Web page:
Musica Viva Presents the Goldner String Quartet
Madeleine Dale | On 11, May 2015
Itâ€™s a year of anniversaries for Musica Viva, with the organisation celebrating its seventieth year, while the pre-eminent Goldner String Quartet have reached their twentieth. Named after Musica Vivaâ€™s founder, Richard Goldner, the Quartet have been touring the country to mark both occasions.
The Goldner String Quartet have enjoyed a stunning twenty years, with multiple recordings, awards, principal positions, festivals and tours between them, and with national and international acclaim following in their wake. They also reach their twentieth anniversary having retained all four original membersâ€”though of course the fact that the group contains two marriages may have contributed to this.
The rich and diverse program of their anniversary tour makes it very easy to see why the Quartet have maintained such a standing in Australia and around the world. Their on-stage chemistry and easy rapport with the audience is obvious, their connection to the music tangible, and their skill unparalleled.
Sydney-based composer Paul Stanhope was commissioned to write a piece specially for the event, and his String Quartet no. 3 is both beautiful and deeply Australian. Heavily inspired by the Kimberly region and its stories, particularly those of its Indigenous population, the piece is fitting for the occasion, and also showcases Musica Vivaâ€™s vital role in creating new Australian works. Beethovenâ€™s 15th, a deeply personal work for the Quartet, was a perfect foil, and the beauty and emotion of the piece was perfectly captured.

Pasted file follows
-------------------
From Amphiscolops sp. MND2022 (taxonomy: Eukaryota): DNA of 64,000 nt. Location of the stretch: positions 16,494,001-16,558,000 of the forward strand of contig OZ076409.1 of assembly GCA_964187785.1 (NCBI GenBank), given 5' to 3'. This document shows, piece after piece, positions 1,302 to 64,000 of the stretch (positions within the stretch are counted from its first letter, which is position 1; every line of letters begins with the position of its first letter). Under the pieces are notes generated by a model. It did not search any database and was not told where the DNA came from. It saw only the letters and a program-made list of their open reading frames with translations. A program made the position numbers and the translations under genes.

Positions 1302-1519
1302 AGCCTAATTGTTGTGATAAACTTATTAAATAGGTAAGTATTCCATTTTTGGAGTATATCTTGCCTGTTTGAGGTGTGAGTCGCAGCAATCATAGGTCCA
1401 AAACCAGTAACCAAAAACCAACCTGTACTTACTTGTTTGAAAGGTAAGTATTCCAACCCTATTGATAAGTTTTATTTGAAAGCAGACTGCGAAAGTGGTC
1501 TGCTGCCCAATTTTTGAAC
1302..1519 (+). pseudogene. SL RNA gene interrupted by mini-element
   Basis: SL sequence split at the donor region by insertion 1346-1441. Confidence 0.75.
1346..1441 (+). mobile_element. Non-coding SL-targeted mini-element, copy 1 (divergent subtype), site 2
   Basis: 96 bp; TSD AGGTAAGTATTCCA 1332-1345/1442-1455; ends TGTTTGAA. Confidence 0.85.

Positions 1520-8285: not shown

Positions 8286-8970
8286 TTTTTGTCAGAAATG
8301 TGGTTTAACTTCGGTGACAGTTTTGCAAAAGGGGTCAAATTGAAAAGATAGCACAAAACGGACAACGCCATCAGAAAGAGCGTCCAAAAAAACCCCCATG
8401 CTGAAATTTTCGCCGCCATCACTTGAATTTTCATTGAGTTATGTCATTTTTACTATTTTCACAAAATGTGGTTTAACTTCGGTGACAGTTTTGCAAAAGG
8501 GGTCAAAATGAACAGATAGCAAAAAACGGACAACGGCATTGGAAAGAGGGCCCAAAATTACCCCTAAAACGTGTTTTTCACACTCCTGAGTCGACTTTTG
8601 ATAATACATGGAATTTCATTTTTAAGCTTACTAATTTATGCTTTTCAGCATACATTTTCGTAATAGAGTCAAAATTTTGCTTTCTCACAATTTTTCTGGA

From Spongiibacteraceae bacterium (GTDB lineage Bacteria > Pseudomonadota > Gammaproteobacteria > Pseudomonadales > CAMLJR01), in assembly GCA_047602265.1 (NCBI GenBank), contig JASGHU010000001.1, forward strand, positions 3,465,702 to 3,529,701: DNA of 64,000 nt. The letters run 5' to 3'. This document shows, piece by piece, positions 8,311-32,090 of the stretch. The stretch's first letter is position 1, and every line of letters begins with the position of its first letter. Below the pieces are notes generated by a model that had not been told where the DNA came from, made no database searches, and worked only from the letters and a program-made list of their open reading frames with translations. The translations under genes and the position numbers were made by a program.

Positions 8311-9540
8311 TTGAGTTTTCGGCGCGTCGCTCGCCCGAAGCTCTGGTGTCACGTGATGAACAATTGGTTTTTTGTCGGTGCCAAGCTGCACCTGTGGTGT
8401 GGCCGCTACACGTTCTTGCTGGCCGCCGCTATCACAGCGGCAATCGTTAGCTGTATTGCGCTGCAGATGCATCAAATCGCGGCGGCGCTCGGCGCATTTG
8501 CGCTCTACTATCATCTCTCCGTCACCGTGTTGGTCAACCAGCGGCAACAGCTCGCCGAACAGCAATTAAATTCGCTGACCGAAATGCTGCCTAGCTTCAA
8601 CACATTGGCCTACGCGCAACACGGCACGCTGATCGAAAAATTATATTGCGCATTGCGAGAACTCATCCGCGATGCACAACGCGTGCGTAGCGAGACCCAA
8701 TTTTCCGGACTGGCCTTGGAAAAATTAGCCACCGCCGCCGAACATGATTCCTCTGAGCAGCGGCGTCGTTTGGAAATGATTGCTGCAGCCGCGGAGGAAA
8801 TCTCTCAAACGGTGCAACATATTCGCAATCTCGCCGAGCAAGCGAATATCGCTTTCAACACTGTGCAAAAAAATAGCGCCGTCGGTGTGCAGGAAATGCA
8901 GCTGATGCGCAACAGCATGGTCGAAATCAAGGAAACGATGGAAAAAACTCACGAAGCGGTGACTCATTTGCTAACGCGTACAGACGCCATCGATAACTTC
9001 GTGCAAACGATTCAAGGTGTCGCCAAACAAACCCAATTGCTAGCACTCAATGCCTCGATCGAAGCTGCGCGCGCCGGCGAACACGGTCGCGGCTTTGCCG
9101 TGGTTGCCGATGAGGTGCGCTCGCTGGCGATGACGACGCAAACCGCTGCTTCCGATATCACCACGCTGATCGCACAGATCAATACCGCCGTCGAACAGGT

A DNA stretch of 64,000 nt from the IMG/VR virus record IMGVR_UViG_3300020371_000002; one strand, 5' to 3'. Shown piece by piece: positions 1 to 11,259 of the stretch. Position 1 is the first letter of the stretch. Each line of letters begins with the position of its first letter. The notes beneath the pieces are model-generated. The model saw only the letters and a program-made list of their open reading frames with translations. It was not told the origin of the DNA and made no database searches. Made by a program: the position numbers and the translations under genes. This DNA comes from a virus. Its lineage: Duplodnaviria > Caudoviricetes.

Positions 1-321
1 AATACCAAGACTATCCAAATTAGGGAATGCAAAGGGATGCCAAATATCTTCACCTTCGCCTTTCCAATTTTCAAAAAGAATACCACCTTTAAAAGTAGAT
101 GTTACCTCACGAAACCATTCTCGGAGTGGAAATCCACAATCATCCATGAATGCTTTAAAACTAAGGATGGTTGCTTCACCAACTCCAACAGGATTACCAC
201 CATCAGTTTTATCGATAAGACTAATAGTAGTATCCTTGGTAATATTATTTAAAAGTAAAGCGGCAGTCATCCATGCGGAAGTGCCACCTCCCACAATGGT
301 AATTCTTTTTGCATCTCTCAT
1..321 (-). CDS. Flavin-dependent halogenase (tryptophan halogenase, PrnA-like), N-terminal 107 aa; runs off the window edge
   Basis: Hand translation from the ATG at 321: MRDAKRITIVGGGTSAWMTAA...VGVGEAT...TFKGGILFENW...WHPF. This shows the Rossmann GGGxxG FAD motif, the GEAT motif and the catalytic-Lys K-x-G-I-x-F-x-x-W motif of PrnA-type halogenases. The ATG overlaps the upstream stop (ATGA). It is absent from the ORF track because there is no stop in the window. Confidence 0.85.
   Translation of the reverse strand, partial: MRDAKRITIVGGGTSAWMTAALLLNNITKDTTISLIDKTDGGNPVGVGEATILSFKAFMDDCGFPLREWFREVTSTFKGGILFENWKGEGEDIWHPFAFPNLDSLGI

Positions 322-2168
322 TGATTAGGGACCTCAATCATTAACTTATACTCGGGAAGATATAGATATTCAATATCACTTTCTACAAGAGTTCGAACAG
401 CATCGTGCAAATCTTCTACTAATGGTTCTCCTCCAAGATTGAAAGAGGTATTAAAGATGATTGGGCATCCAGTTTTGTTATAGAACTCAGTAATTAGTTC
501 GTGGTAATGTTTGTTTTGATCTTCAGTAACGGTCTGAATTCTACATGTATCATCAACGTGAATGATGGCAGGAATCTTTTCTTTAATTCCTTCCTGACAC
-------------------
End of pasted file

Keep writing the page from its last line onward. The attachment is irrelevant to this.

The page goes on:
The highlight of the evening (for myself, at least), however, was Ligetiâ€™s MÃ¨tamorphoses nocturnes. When it was composed in Communist Hungary, the piece was considered far too radical for performance, and remained in Ligetiâ€™s desk drawer until he fled the country in 1956. MÃ¨tamorphoses nocturnes is a stirring and dynamic work of avant-garde music; it also has a wonderful element of physicality when performedâ€”the sheer amount of movement required, particularly from the violins, creates a fascinating secondary visual space to the piece. It was a real treat to see this work performed in Brisbane, and with such verve and intelligence.
Musica Viva has had an incredible seventy yearsâ€”from its origins in volunteerism and post-war immigration to the powerhouse of performance, education, and development that it is today. The Goldner String Quartetâ€™s tour is a fitting marker for this impressive milestone, and an exciting reminder that Musica Viva is still on the rise.
What The Goldner String Quartet
When 23rd Apr â€“ 12th May, 2015.
WhereÂ Canberra â€“ May 8th.
Sydney â€“ May 10th.
Perth â€“ May 12th.
How Much $30 â€“ $76.
For more information on the Goldner String Quartet, or Musica Viva, head here.
Image Credits: Musica Viva and Goldner String Quartet Official Facebook.